Earlier this year, a study conducted by the University of Edinburgh found that people who received the COVID-19 vaccine developed by AstraZeneca and the University of Oxford were at a very slightly elevated risk of developing the rare blood disorder idiopathic thrombocytopenic purpura after receiving the jab.
Commonly referred to as ITP, the condition causes a sharp decrease in the number of platelets in the blood, which can in turn lead to an increase in bruising and bleeding, including internal bleeding. The study found that about 11 per 1 million doses of the Oxford-AstraZeneca vaccine resulted in the condition.
The chances may be slim, but in an apparent effort to address the issue head-on, AstraZeneca teamed up with rHealth to develop a diagnostic test that could measure platelet count at the point of care.
It worked: According to a study published today in the journal PLOS ONE, the testing method developed by the partners was able to determine platelet count with accuracy levels comparable to those of the current gold-standard testing method developed by the International Society for Laboratory Hematology.
While the latter test typically requires a full venous blood draw and both a cytometer and an impedance analyzer—two bulky, expensive pieces of lab equipment—AstraZeneca and rHealth’s needs only a tiny blood sample obtained via fingerstick and the portable rHealth One analyzer, which clocks in at just over three pounds.
In the study, blood samples taken from both the fingertip and the vein were diluted and fed into the cytometry-based rHealth One device. Not only did both types of blood draw produce similar results—proving that platelet count could be measured using only the few drops of blood produced by a fingerstick lancet—but they also achieved “near-perfect correlation” with the ISLH method in samples containing a wide range of platelet counts.
Additionally, in contrast to the lab-locked ISLH method, because of the rHealth One’s small size, the researchers suggested that their test could ultimately be widely used at hospital bedsides and even in the home alongside the delivery of vaccines, chemotherapy drugs and other medications that can cause low platelet count, or thrombocytopenia.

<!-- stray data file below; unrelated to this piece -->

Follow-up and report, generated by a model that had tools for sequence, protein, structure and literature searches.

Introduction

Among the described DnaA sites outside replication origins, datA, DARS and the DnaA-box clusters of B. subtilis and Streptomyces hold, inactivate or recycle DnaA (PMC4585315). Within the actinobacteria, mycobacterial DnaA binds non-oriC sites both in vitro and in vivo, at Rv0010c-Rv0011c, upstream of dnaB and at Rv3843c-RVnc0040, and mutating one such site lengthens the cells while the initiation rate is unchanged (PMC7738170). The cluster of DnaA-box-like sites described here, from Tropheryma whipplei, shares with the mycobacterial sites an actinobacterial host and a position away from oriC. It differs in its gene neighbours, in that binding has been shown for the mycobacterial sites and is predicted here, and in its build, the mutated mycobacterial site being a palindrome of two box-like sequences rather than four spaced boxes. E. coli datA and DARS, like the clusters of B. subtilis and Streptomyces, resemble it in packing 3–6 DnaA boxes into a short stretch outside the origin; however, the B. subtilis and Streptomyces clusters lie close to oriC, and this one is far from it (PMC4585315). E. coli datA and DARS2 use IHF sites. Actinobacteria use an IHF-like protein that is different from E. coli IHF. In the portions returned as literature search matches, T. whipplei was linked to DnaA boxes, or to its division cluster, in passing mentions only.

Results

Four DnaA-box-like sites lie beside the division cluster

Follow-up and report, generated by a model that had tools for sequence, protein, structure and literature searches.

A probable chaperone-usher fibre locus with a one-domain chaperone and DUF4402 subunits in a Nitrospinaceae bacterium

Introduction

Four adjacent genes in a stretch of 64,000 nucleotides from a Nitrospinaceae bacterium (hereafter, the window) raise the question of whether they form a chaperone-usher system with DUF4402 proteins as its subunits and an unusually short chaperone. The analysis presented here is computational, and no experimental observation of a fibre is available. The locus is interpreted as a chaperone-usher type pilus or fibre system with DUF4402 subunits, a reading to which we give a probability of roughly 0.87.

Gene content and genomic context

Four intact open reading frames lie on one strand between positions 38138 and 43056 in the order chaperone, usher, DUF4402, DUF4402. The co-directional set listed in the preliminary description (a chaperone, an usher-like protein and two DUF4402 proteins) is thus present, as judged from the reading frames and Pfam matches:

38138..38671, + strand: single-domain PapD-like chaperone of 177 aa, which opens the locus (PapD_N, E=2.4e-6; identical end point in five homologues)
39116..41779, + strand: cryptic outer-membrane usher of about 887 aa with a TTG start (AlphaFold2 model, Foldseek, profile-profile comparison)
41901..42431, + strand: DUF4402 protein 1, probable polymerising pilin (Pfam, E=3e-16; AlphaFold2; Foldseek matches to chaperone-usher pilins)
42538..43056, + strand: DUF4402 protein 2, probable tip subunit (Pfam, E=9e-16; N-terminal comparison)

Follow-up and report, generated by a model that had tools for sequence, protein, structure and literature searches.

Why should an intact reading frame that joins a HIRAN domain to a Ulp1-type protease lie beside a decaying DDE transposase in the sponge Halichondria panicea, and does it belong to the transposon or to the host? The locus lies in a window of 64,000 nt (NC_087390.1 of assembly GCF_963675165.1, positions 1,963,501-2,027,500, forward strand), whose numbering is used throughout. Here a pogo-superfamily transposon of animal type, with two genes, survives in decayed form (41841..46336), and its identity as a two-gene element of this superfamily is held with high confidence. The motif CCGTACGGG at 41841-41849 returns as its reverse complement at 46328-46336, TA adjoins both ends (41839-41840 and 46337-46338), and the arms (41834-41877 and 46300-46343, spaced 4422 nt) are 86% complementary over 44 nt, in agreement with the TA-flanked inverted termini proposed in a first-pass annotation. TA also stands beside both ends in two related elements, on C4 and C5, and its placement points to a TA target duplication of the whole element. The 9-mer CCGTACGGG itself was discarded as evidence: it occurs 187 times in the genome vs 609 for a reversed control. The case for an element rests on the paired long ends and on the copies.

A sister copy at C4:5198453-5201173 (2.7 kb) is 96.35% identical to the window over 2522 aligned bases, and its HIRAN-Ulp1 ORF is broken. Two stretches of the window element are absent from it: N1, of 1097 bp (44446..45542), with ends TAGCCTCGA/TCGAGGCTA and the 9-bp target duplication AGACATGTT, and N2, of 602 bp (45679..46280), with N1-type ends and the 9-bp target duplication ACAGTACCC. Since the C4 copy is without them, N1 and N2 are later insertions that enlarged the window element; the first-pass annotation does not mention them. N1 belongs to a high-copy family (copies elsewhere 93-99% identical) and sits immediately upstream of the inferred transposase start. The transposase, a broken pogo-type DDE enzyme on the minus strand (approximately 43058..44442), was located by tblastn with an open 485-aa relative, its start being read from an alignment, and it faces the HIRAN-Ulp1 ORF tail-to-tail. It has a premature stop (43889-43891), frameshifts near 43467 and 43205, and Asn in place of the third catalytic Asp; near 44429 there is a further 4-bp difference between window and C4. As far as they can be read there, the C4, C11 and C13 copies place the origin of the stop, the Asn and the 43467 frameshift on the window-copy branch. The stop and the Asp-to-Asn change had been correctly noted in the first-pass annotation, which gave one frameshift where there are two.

“The rHealth technology shows that thrombocytopenia can be diagnosed accurately with our minimally invasive, point-of-care approach. It has the potential to provide optimal patient care when used together with certain vaccines and drugs,” rHealth CEO Eugene Chan said in a statement.
This work with AstraZeneca marks the latest development in rHealth’s goal of building a consumer-centric analyzer that can test for a variety of conditions using only a few drops of blood.
That familiar-sounding mission may prompt a healthy dose of caution (and understandably so), but rHealth is working hard to prove that its technology is far more legitimate than Theranos’ failed Edison device.
To that effect, the company already has one regulatory clearance under its belt. In early 2018, it received a CE mark from Europe’s regulatory body for its fluorogenic Factor VIII test kit, which is used with the rHealth analyzer to test for factor VIII, a blood-clotting protein that, when found to be deficient or defective, is used to diagnose hemophilia.
The rHealth One and its accompanying tests have also received millions in government funding and support. Since 2019, for example, in addition to receiving multiple grants from the National Institutes of Health to further develop tests for factor VIII and COVID-19, rHealth has also supplied several of its analyzers to NASA to be assessed for potential use on the International Space Station.